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House of Dolls
Gene Loves Jezebel
House of Dolls
Genres: Alternative Rock, Pop, Rock
 
  •  Track Listings (10) - Disc #1


      
   
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CD Details

All Artists: Gene Loves Jezebel
Title: House of Dolls
Members Wishing: 1
Total Copies: 1
Label: Geffen Gold Line Sp.
Release Date: 3/19/1996
Genres: Alternative Rock, Pop, Rock
Styles: Goth & Industrial, Dance Pop
Number of Discs: 1
SwapaCD Credits: 1
UPCs: 020642417141, 720642417140, 720642417126

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CD Reviews

Their Best Album By Far
Kathleen A. Hagberg | 10/06/2004
(5 out of 5 stars)

"I just received House of Dolls two days ago along
with Discover. There's no question that House of
Dolls is the better of the two. Lets start with
the important thing - great, catchy songs. Discover
has two great songs, Wait and See, and Desire.
House of Dolls has 4 really great songs, and 4 very good
songs, and 2 good songs. Gorgeous is great,
a little too long though. Suspicion is great, just awsome, a perfect song. Treasure is excellent. Drowning Crazy is very good. Really, this album doesn't have a bad song. It was interesting to note that Peter Walsh produced only one song
on Discover, Desire, which was the best song of the album. He produced this whole album, he really captures the band perfectly.
What a damn good job."
Heavy Guitar + Dance Mix = Incredible Album
Kirk Lott | adrift on the seas of life | 01/31/2004
(5 out of 5 stars)

"The smart goth of The Cure. The brilliant hard rock of early Aerosmith. The stylish beat of Duran Duran. If you ever liked any of the above, Gene Loves Gezebel is for you. And The House of Dolls is their masterpiece. With the exception of the first two songs, every track on this album is a winner. From the driving passion of Suspicion (the mislabled fourth track), to the relentless slashing guitar to Twenty Killer Hurts, to the hauntingly atmospheric Up There, you will dig this great album."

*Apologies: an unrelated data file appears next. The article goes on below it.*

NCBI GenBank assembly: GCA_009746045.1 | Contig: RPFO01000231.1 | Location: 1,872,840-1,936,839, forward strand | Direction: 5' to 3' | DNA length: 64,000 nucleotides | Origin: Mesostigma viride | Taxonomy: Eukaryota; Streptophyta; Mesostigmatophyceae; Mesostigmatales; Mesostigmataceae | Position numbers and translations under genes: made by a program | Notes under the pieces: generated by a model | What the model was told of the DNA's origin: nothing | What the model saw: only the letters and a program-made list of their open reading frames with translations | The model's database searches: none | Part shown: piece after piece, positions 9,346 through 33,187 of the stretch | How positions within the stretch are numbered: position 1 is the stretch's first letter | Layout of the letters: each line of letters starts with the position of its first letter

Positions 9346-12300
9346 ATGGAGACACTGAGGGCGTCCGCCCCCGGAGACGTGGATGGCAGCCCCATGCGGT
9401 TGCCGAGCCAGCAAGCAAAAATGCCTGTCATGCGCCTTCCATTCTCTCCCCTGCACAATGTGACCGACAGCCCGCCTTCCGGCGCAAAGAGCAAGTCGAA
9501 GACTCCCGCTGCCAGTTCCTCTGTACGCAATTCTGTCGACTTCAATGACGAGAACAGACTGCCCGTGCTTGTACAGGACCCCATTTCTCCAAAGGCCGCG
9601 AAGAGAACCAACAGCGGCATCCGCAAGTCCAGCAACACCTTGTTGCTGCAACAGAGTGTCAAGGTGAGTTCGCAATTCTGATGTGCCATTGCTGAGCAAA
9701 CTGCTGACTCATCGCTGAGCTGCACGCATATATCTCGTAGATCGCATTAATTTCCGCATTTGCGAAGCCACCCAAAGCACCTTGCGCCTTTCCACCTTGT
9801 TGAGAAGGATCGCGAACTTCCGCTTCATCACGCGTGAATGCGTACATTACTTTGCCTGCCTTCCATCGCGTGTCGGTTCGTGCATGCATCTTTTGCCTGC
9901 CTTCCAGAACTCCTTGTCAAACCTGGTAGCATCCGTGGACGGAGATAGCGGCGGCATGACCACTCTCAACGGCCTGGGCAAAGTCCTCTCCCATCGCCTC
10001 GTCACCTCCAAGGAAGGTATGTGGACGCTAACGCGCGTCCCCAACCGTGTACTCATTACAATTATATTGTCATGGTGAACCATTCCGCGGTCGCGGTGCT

Strong Transitional Album for GLJ
SandmanVI | Glen Allen, VA United States | 01/14/2005
(4 out of 5 stars)

"Like many of the 80's postpunk bands, Gene Loves Jezebel went through many phases along their musical journey. Also like many postpunk bands, Jezzie started by combining elements of punk and Goth... think Siouxsie, Joy Division/New Order, The Cult, The Cure, Love & Rockets/Bauhaus, The Church, etc. While others became more electronic (New Order) or alternative rock (Cure, Church, Love & Rockets), Jezzie went more in a hard rock direction making them somewhat similar in this cadre of bands to The Cult without the overt metal aspect. That's exactly where you find them on 'House of Dolls', transitioning from the dark alt-rock of earlier works to the more accessible, harder guitar-driven music found here.

Most people like this album quite a lot (especially in retrospect) but it is important to note that at the time many of their early, underground fans considered this album to be a sellout exchanging creativity for an attempt to hit the hard rock mainstream... One should also note that The Cult got the same exact criticism in the same exact year as they moved from nuanced beauty of 'Love' to the party metal of "Electric'. Well, from a sales angle the crossover worked as GLJ jumped to the front of alternative pop and drew attention from the rock crowd like never before; they went from playing small clubs to playing large venues quickly during this time. In sum, they lost some hardcore early fans but picked up legions of new ones.